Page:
As they continued walking, they wondered if there were any more fairies lurking in the forest, waiting to give them golden pills or other mysterious things. However, they didn’t meet any.

“Maybe it’s all a joke,” said Willy. “Maybe the pills don’t do anything.”

“Don’t be silly. Fairies don’t play jokes,” said Zink, as if he knew what he was talking about.

“Well, then, why don’t you take your pill and find out?” said Willy.

“I’d rather not, if you don’t mind,” said Zink. “At least not now.”

The boys stopped for a while to eat some food and drink some water. After a short rest, they continued on their way.

“I’d like to be rich,” remarked Moe as they walked. “Rich is best.” The others agreed. The rich pill was definitely the best.

“Of course, the strong pill would be good, too,” said Zink, who was not very strong. “Being strong is certainly good if you can’t be rich.” And the others agreed.

No one wanted to speak of the third pill, which was the death pill.

Sometime in the afternoon, the boys emerged from the forest and found themselves facing a ridge of high, rocky hills. They did not look particularly safe for climbing. In fact, the whole place looked barren and not very nice at all. And to make things worse, dark storm clouds were brewing. Far away, lightning flashed and thunder rumbled. It was heading their way.

“This looks pretty bad,” said Willy. “We’d better find some shelter.”

The boys walked along the base of the hills, looking for any place to take cover, when they saw a huge boulder. “What a strange place for a boulder,” said Moe. “Right up against the hillside.”

“Look! I think there’s a cave behind it!” said Zink.

The boys looked closer. Yes, the boulder was indeed blocking the entrance to a cave!

“If we could only get inside!” said Willy. He leaned against the boulder, but it didn’t budge. All three of them tried, but it was no use. It would take the strength of a giant to move it. They looked at each other. They were all thinking the same thing: whoever had the strong pill could probably move the boulder.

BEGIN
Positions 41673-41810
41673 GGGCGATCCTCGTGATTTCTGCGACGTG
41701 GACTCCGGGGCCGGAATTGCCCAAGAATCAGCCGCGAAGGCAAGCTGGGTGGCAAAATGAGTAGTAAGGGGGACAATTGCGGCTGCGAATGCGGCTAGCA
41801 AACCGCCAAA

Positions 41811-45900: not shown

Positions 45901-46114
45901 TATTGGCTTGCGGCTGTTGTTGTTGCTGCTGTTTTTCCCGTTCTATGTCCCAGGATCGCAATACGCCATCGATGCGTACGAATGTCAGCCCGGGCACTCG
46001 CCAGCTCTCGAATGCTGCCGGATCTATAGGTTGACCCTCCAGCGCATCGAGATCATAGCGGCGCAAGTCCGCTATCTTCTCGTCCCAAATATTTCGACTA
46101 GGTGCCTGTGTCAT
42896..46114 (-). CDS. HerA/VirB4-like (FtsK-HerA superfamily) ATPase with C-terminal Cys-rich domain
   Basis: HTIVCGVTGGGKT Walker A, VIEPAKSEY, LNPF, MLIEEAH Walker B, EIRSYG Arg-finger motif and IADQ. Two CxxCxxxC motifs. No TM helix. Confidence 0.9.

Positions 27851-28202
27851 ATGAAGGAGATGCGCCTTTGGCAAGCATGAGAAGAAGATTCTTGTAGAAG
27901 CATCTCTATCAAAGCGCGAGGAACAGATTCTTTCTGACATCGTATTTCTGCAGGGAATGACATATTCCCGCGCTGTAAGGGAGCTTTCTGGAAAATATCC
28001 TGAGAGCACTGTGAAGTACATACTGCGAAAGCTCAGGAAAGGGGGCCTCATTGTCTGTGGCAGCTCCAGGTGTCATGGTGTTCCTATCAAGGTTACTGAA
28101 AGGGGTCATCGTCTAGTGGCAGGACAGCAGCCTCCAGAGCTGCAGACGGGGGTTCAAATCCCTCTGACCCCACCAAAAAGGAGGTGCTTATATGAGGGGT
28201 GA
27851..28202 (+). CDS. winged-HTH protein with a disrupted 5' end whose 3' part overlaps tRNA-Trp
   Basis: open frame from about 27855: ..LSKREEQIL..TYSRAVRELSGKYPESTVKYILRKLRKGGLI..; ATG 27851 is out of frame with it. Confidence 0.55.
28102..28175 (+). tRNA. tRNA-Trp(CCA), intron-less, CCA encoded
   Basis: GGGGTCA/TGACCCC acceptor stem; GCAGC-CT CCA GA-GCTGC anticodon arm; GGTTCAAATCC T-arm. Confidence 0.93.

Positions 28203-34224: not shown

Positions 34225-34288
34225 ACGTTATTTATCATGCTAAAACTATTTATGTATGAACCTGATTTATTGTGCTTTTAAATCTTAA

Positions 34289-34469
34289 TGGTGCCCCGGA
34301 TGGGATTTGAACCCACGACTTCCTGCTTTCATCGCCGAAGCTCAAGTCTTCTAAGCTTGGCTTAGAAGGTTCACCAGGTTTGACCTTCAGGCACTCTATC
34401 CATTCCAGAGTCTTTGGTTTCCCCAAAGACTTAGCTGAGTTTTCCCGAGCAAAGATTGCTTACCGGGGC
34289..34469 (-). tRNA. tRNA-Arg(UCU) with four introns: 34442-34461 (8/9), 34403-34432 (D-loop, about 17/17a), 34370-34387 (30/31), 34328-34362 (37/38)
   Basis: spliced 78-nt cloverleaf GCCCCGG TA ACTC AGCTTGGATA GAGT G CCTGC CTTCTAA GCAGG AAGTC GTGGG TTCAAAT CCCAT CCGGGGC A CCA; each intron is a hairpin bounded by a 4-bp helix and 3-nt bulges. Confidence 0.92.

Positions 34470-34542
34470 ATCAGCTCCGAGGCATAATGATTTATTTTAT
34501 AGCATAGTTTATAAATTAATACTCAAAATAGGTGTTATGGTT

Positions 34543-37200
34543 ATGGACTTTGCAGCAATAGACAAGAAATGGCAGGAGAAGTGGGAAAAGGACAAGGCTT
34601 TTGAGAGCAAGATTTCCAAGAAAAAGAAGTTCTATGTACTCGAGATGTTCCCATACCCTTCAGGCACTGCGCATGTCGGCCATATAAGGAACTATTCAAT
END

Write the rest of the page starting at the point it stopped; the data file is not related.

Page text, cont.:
They all took out their pills and looked at them and wondered.

“I assume the strong pill makes you strong for the rest of your life, not just for one time,” said Moe.

“Of course,” said Zink and Willy, only because it seemed logical.

The rain began to fall. It came down harder and harder, driven by a fierce wind. Lightning flashed many times, filling the air with terrifying thunder.

“We can’t wait around wondering! We have to get inside the cave!” said Zink urgently. “Come on, Moe, you’re the brave one! Take your pill!”

“But I wanted the rich pill!” said Moe.

“Never mind that,” said Zink. “Whoever gets the rich pill will reward you. Take your pill and see if it’s the strong one.”

“Please, Moe, hurry!” exclaimed Willy.

Part Two

“All right,” said Moe. He put the pill in his mouth and swallowed it with some water from his flask. He waited a few seconds to see if he could feel anything, but he couldn’t tell one way or the other. Finally, as the rain pelted down on them in torrents, he leaned against the boulder and pushed with all his might.

“Push as hard as you can!” the others urged him.

So Moe pushed as hard as he could, straining every muscle until the veins in his neck bulged and his face turned red. After several seconds he let out a painful gasp — “Oh!” and collapsed flat on his back. His eyes were open for a moment as he tried to speak, but his last words choked in his throat. Then his eyes closed, and he was absolutely still.

Zink and Willy knelt over him. They slapped his face. They shook him. They shouted at him. Then they felt his pulse. There was none. They looked at each other in horror. “He’s dead!”

“He must have taken –”

“–the death pill!”

The two boys cried as they hugged Moe’s lifeless body. The cold rain poured down upon them, chilling them to the bone, but they no longer cared. Their lifelong friend, Moe, was dead. They lay there with him until the storm passed, which seemed like forever.

As the last few drops fell to the earth and the sky began to brighten little by little, Zink and Willy sat quietly in sad reflection. “I wish we’d never met that fairy!” said Zink angrily.

“Me neither!” said Willy.